The Amazing Spider-Man 2

photo Today is free comic book day. It’s the chance to go down to your local comic book store and grab a free comic book and gain entrance to the secret world previously unknown to you but one that is slowly taking over the universe: FanBoys (and Girls). Let’s face it, nearly our entire popular culture is driven now by the comic book culture, from the most popular television shows (Big Bang Theory and Walking Dead) to the most popular social/pop culture annual gathering (ComiCon) to nearly every major Hollywood summer movie. Makes me almost embarrassed to admit the only comic books I read as a kid were Tintin and Archie. I feel so un-cool.

So when I innocently stand in line and buy my ticket for a movie in the summer, wholly aware I am out of my element, I do so with a few things in mind. One, I expect to really not have much of an idea of what’s going on—the “mythology” or the “inner life” of the superhero character I know will be lost on me because I am not especially immersed in the history of the story (unless it’s Superman—thanks, Chris Reeve). Two, I will need to check my critical eye at the door because I know nobody involved in the movie was trying to make the next Citizen Kane. [The goal, generally, of these big, Hollywood superhero movies is to collect records, not awards. This means high octane, overseas-market-friendly, family-ready, action-filled spectacle, loaded with what makes Hollywood movies soar: special effects. Which, in turn, generates the only reviews studio executives care about this time of year: $$$$.] And lastly, I aim merely to be entertained. It’s been a long, dark winter and spring with nothing at the theatre worth seeing and I am dying to be back at the movies: just make it fun and I’ll be happy. I really don’t have high standards in May. I had zero standards in February, March and April, so who am I to complain.

Maybe this is why I’m one of the few people who actually liked The Amazing Spider-Man (2012), the reboot of the Spider Man franchise, starring Andrew Garfield and Emma Stone. Even though the reviews weren’t so grand, right on track here comes the sequel, The Amazing Spider-Man 2, with Garfield and Stone reprising their roles as Peter Parker/Spider Man and his love interest Gwen Stacey, along with director Marc Webb also returning.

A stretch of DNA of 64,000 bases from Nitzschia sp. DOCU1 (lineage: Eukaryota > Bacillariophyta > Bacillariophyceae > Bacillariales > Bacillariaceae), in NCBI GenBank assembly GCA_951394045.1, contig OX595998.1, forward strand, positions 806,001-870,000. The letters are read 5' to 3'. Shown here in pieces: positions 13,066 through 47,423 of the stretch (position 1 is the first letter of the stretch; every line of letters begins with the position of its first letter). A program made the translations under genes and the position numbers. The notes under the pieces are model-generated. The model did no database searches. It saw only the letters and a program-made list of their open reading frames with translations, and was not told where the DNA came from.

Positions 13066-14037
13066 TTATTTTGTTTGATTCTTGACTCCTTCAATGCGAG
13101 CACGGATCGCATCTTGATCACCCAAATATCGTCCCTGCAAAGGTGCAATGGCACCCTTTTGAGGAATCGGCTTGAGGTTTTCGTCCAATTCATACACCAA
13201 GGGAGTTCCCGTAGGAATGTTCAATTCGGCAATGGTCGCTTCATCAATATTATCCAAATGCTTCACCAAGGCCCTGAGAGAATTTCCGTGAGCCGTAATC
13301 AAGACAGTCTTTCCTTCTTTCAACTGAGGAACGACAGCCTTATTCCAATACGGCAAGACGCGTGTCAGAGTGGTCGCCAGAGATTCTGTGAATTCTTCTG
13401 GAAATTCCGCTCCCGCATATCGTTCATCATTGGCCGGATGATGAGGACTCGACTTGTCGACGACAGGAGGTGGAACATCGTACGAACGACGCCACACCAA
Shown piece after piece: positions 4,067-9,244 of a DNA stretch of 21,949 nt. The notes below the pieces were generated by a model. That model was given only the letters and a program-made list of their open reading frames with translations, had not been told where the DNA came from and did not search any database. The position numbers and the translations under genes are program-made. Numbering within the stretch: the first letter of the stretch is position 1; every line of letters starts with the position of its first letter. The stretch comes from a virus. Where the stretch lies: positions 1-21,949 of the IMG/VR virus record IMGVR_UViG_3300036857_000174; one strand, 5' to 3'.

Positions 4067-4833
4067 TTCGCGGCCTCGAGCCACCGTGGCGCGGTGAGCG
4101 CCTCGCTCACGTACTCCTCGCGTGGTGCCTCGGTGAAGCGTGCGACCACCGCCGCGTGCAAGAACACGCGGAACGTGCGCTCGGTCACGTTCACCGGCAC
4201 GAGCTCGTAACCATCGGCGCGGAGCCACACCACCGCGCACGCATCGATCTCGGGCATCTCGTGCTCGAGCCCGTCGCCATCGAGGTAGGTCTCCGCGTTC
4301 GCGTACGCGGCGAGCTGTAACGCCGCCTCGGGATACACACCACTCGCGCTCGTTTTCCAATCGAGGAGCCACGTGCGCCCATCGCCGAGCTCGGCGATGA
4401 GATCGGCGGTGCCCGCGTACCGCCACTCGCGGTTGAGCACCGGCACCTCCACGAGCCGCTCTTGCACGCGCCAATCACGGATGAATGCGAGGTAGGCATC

Short and sweet (which this movie isn’t, clocking in at 2 hours and 20 minutes), The Amazing Spider-Man 2 has its moments of really idiotic action sequences and (of course) a ridiculous villain, but, for the most part, when it’s quiet, the movie is completely worthwhile and entertaining. Garfield and Stone, as well as relative newcomer Dane DeHaan (stepping into James Franco’s role from the Tobey Maguire Spider Man movies) make the movie worth watching, as they are so charismatic, they make you forget you are watching a superhero movie. Until, that is, the unfortunate action scenes begin and then you’re back into Bombastville, where it’s stupid-is-as-stupid-does.

The only good thing about the CGI action sequences in The Amazing Spider-Man 2 is that director Marc Webb and his probably brilliant special effects team went to great effort to make it feel like you are watching a comic book come to life. Unlike recent disaster The Man of Steel, which was all glower and seriousness, the big save-the-city sequences here have a real sense of fun and child-like spin to them, with camera tricks, slo-mo and angles that pop, just like comic book panels come to life. It really is an effective use of the medium that I loved.

The story itself gets bogged down though, as usual, with silly villians and weighed down plot and blah blah blah. All I cared about, all I can imagine anyone cares about, is the relationship between Peter and Gwen and that’s what saves this movie. And Garfield and Stone rocked it. They are both such strong actors and even stronger together, it makes every scene they have together light as air. Thankfully, there are many.

I was dreading Jamie Foxx and I was right. Sally Field walks in with her two Oscars and does her thing. Campbell Scott shines in his brief scenes. Really, why doesn’t he work more?

But, overall, if you are paying for a ticket to see The Amazing Spider-Man 2, you know what you are paying for—and you get it. What you don’t know is that the movie will actually give you just a little bit more, in terms of cheekiness, inventiveness, heart and entertainment. Just try to ignore all the really, really stupid parts.

And if you are a newly-minted FanBoy (or Girl) and are officially offended by this review, I officially apologize. Besides, tomorrow is Star Wars Day and very happy, you will be.